With respect to fashion You will see various styles that have to do with the environment and the cultures that reign in this country. On the one hand there is the Bedouin style, more represented in the oases of Sinai and Siwa, with highly embroidered and colorful fabrics, belts, brocade and masks with a lot of silver and gold. There is also the Nubian style, typical in the Nubian villages on the southern banks of the Nile: colors, embroidery ... Obviously, everything is dyed in Western fashion that is found in T-shirts, pants, shoes, international brands ...
How should we behave in Egypt? You have to dress modestly and know how to introduce yourself to the other, with a gift included if the meeting is more formal, young people must show respect towards the elderly, we cannot walk in front of someone who is praying (this applies if you are Muslim, but it should be known and apply it), you don't have to stay for a long time making a visit, we may not be punctual ...
Of course It is not the same if one is a woman or a man. If you are a man and you meet an Egyptian for the first time, a handshake corresponds with the right. If you are a woman and you greet a woman for the first time, it is enough to bow your head a little or exchange a light handshake. If the greetings are mixed, sometimes a handshake is worth it, although the woman should be the one who extends her hand first if you are a man, if she does not, she only shakes her head.
As we see, gestural communication is important. Egyptians are quite expressive and passionate people when it comes to conversation, so you will always see great gestures. Joy, gratitude, and sorrow are openly displayed, but anger less because it is misinterpreted as an insult. It seems that they are quite direct but it is not so, like other cultures being frontal in their desires is not something common. The egyptians avoid saying no directly so they take long, like the Japanese.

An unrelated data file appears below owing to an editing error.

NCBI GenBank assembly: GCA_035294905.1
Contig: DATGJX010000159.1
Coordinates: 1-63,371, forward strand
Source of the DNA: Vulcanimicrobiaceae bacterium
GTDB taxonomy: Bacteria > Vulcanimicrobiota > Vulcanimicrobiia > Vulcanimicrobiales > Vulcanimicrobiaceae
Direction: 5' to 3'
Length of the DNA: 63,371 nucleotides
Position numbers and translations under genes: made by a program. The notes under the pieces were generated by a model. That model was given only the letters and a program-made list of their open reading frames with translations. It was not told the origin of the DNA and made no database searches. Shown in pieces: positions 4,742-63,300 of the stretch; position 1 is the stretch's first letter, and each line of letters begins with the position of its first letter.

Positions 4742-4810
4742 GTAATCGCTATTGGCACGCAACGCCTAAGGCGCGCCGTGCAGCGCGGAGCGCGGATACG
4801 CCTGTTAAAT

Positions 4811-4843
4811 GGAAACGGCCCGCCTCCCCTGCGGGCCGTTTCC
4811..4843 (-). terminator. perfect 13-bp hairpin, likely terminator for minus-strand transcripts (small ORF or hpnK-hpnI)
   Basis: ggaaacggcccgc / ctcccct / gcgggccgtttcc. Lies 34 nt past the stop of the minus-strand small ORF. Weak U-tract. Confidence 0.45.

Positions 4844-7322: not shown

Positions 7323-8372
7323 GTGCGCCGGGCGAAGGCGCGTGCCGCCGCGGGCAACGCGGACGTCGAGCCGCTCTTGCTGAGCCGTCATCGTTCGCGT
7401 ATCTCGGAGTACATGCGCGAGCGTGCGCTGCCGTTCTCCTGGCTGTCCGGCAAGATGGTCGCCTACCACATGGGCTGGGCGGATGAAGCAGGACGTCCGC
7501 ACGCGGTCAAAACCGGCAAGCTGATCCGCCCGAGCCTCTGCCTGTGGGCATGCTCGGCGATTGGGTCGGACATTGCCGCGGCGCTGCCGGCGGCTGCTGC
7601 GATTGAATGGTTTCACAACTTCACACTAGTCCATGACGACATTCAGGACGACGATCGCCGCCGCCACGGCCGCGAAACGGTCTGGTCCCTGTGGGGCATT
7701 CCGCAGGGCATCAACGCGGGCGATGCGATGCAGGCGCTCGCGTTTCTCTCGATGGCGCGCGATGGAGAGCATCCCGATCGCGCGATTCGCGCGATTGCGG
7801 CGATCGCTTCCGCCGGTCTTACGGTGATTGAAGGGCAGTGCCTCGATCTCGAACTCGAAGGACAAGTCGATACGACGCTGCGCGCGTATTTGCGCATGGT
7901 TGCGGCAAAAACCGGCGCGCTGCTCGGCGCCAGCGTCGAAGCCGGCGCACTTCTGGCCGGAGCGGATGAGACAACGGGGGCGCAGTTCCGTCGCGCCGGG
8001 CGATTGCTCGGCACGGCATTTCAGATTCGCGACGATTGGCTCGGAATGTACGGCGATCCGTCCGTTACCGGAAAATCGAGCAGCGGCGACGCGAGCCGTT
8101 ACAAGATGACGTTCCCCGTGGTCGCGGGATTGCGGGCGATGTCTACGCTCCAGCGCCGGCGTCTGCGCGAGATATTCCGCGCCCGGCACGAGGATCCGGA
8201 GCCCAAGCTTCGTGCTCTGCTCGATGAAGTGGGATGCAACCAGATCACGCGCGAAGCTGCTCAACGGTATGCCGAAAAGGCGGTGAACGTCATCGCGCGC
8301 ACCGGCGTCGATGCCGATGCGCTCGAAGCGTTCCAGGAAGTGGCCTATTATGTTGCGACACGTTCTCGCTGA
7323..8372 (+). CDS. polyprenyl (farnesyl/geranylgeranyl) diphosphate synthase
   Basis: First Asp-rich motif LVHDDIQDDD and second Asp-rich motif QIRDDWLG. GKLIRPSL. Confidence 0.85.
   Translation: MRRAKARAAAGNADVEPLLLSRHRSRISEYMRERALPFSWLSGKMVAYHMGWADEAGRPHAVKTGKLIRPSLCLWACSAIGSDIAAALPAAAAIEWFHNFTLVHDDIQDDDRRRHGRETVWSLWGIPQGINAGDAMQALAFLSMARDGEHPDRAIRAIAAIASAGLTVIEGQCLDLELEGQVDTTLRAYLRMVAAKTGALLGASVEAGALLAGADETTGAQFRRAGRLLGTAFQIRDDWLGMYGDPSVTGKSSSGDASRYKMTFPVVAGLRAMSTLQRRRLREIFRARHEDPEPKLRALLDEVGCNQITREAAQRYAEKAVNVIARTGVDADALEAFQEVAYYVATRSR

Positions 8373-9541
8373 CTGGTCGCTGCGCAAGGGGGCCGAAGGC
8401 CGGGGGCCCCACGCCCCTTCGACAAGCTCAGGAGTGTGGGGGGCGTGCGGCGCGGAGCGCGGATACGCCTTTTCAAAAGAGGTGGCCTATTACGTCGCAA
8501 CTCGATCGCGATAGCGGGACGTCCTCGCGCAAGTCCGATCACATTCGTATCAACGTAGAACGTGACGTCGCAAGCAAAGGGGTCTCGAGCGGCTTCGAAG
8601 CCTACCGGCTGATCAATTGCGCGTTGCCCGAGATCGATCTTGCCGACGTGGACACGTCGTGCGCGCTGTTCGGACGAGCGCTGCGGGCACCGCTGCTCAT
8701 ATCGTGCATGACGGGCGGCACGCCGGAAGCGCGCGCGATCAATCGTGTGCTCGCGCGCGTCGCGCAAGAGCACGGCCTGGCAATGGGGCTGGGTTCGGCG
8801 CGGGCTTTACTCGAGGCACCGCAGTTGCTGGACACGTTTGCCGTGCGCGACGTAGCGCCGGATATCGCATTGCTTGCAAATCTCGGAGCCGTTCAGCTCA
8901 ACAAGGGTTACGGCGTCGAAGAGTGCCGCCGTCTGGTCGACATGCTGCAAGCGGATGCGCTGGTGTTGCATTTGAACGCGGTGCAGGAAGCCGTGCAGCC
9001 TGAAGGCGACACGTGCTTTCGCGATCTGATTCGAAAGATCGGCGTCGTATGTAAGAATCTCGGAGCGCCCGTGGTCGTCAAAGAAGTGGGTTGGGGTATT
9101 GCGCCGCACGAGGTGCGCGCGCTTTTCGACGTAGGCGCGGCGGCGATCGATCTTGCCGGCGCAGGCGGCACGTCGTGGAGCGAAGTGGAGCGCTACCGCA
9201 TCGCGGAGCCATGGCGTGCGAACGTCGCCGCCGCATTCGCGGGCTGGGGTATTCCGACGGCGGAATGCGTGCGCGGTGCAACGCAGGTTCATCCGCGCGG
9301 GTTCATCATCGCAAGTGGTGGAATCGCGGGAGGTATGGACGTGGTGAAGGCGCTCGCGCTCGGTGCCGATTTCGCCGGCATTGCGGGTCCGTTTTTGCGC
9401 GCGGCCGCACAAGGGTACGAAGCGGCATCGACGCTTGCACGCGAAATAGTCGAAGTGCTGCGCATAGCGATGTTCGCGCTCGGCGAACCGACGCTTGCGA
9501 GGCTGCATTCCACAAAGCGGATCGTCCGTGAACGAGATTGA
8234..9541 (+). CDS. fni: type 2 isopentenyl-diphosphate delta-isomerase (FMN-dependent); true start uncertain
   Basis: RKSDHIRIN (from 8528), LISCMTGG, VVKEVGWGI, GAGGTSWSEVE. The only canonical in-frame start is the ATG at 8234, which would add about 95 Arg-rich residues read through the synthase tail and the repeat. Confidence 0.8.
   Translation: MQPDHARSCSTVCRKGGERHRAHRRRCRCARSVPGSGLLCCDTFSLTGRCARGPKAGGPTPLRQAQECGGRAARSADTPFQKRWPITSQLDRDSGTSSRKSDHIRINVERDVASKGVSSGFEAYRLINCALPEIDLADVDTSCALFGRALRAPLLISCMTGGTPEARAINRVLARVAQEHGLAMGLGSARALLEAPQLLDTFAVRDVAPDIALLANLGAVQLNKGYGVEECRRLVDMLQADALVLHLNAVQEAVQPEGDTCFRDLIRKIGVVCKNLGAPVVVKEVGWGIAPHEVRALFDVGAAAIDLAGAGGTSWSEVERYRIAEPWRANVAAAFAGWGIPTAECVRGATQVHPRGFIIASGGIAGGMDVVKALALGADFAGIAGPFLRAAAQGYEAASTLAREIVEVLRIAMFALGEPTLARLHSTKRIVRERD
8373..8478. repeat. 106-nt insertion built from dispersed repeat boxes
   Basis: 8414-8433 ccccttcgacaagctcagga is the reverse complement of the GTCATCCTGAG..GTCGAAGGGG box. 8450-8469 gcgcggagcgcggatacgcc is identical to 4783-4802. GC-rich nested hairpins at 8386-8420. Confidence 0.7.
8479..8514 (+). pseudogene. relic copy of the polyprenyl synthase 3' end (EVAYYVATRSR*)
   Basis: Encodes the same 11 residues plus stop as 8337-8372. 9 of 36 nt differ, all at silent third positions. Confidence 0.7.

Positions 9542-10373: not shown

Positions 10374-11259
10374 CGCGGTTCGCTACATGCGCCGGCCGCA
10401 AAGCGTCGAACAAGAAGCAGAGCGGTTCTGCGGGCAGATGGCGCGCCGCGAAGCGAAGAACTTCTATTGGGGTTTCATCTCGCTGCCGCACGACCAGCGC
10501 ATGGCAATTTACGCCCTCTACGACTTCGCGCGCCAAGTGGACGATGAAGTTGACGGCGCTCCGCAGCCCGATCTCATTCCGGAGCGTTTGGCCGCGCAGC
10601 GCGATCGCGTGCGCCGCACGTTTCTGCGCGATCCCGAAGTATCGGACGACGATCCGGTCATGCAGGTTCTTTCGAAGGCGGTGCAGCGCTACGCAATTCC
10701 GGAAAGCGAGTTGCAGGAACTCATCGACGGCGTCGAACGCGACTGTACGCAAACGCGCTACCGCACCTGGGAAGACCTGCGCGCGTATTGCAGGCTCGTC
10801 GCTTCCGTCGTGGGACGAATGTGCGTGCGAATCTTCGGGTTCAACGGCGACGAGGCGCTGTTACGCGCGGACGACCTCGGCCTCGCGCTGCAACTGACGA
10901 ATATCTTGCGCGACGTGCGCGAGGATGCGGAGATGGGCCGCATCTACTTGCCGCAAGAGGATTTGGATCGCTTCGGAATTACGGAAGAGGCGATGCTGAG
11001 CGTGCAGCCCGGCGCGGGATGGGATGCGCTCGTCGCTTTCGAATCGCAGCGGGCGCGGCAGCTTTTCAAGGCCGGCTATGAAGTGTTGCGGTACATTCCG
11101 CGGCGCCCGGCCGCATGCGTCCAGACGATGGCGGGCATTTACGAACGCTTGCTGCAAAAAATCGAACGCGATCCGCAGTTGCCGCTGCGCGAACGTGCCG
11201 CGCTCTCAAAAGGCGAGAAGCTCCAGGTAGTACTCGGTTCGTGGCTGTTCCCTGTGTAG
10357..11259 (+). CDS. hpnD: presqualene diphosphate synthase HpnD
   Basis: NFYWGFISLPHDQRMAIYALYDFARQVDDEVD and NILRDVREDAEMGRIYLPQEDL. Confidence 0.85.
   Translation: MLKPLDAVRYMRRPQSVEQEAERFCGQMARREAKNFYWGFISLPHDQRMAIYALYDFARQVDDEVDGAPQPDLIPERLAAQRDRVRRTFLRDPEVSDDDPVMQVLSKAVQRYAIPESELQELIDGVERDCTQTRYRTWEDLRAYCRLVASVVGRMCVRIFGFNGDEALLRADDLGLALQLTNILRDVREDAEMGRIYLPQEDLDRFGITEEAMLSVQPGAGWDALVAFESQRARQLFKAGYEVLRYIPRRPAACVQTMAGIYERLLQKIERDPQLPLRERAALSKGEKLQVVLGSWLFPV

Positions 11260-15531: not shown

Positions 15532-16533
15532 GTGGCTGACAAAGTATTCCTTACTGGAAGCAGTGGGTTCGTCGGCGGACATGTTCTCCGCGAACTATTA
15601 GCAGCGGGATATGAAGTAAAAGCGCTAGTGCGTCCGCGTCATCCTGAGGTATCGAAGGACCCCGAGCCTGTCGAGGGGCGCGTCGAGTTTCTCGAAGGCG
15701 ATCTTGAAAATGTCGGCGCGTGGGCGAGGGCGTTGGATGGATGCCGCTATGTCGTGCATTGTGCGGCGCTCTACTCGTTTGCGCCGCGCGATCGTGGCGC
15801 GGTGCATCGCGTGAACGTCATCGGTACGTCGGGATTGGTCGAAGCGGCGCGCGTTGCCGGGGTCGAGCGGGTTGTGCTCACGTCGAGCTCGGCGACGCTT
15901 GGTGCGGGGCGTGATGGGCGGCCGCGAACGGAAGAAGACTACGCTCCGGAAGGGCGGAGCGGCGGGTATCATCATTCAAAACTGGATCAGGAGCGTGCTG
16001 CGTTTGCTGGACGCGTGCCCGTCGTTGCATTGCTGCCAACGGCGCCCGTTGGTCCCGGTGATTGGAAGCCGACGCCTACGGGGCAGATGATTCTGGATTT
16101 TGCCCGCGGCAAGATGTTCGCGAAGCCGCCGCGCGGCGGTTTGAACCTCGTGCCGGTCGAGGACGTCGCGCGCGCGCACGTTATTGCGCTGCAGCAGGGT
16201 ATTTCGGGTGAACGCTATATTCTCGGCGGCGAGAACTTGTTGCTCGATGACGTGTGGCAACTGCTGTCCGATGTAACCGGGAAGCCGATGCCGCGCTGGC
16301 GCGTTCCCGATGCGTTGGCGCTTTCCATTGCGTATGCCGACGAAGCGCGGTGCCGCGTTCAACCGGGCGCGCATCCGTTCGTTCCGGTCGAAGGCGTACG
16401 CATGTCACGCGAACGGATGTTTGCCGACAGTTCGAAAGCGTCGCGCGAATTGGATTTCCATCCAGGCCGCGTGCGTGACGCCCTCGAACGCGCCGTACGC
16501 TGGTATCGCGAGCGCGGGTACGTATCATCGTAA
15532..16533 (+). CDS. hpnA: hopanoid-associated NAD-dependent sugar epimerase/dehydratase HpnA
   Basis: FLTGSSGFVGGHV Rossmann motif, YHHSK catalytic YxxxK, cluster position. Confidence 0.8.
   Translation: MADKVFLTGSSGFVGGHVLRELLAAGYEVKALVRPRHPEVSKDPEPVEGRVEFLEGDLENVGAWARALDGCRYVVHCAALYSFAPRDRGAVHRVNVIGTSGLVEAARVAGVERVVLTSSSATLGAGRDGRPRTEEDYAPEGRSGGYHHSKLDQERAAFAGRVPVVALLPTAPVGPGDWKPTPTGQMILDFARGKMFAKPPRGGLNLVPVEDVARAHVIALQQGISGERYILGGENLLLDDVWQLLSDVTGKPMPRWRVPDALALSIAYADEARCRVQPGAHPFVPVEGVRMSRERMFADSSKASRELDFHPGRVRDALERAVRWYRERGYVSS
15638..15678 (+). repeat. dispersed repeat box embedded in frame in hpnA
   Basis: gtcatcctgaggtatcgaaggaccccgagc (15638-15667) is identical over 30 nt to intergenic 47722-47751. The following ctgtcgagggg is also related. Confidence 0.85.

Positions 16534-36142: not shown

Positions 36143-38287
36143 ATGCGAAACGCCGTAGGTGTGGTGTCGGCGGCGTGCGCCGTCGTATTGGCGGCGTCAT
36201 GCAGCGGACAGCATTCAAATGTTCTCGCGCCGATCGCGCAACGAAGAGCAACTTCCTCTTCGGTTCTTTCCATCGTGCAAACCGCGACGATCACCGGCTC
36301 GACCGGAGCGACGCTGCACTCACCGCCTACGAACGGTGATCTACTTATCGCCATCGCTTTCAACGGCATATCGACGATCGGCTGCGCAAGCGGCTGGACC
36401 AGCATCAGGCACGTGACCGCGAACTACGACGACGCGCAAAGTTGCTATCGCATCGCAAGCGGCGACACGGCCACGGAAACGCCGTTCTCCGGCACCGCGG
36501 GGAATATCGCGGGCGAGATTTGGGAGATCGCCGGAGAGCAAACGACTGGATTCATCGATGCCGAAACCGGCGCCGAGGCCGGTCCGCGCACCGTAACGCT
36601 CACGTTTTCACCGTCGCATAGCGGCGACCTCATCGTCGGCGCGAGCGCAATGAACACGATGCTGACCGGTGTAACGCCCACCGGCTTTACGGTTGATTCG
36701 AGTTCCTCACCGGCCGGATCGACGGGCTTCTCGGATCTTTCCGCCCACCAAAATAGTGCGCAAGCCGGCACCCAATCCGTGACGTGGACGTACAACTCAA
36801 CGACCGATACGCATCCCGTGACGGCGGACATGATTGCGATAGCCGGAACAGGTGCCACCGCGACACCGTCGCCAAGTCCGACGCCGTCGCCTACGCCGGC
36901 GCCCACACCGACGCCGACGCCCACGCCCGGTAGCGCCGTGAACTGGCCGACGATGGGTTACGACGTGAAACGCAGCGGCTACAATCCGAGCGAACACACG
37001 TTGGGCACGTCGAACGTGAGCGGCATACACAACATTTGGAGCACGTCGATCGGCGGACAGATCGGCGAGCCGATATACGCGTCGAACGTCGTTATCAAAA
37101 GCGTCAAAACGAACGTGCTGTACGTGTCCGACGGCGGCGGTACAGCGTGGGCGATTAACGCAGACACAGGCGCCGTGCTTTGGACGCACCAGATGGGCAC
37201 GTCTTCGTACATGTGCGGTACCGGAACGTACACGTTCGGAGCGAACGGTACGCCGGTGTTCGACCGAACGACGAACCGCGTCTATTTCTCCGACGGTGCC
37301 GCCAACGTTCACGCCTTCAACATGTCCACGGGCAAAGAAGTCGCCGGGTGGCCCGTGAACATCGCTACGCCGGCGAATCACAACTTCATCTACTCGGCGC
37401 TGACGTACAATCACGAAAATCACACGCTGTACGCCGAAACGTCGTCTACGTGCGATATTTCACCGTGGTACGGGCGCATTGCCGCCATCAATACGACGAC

With regard to physical contact, everything depends on the degree of relationship that people have. As tourists we will not get to that point, unless we have friends or work with local people, but let's say that the unwritten rules of physical contact depend on the degree of familiarity and gender, obviously. An arm's length as a typical personal space is what to take into account.
Final considerations: if you are invited to an Egyptian house to eat, bring a gift, expensive chocolates, sweets or cakes, never flowers because they are reserved for weddings and the sick; If there are children, a gift for them is also well received, but everything you give, remember well, you must give it with the right hand or with both hands. And don't expect gifts to be opened as soon as they are received.
Basically, do not forget that Egypt is a Muslim country in which you have to be very respectful of customs that are not ours. We must not lose sight of that question: we are not at home, we must have respect. From experience, being a woman is not the most comfortable thing in Egypt, and walking through the streets of Cairo can be somewhat annoying because they look at you a lot, too much. It has even happened to me to walk accompanied by my husband and to be told things to me, regardless of their presence. My short hair? It may be, because he was wearing long pants and a shirt, nothing flashy.
But what I want to say is that while Egypt is a more liberal country than other Muslim countries, it is not at the other extreme either. With patience, respect and more patience, the truth is that you can enjoy all the historical and cultural wonders of this great country.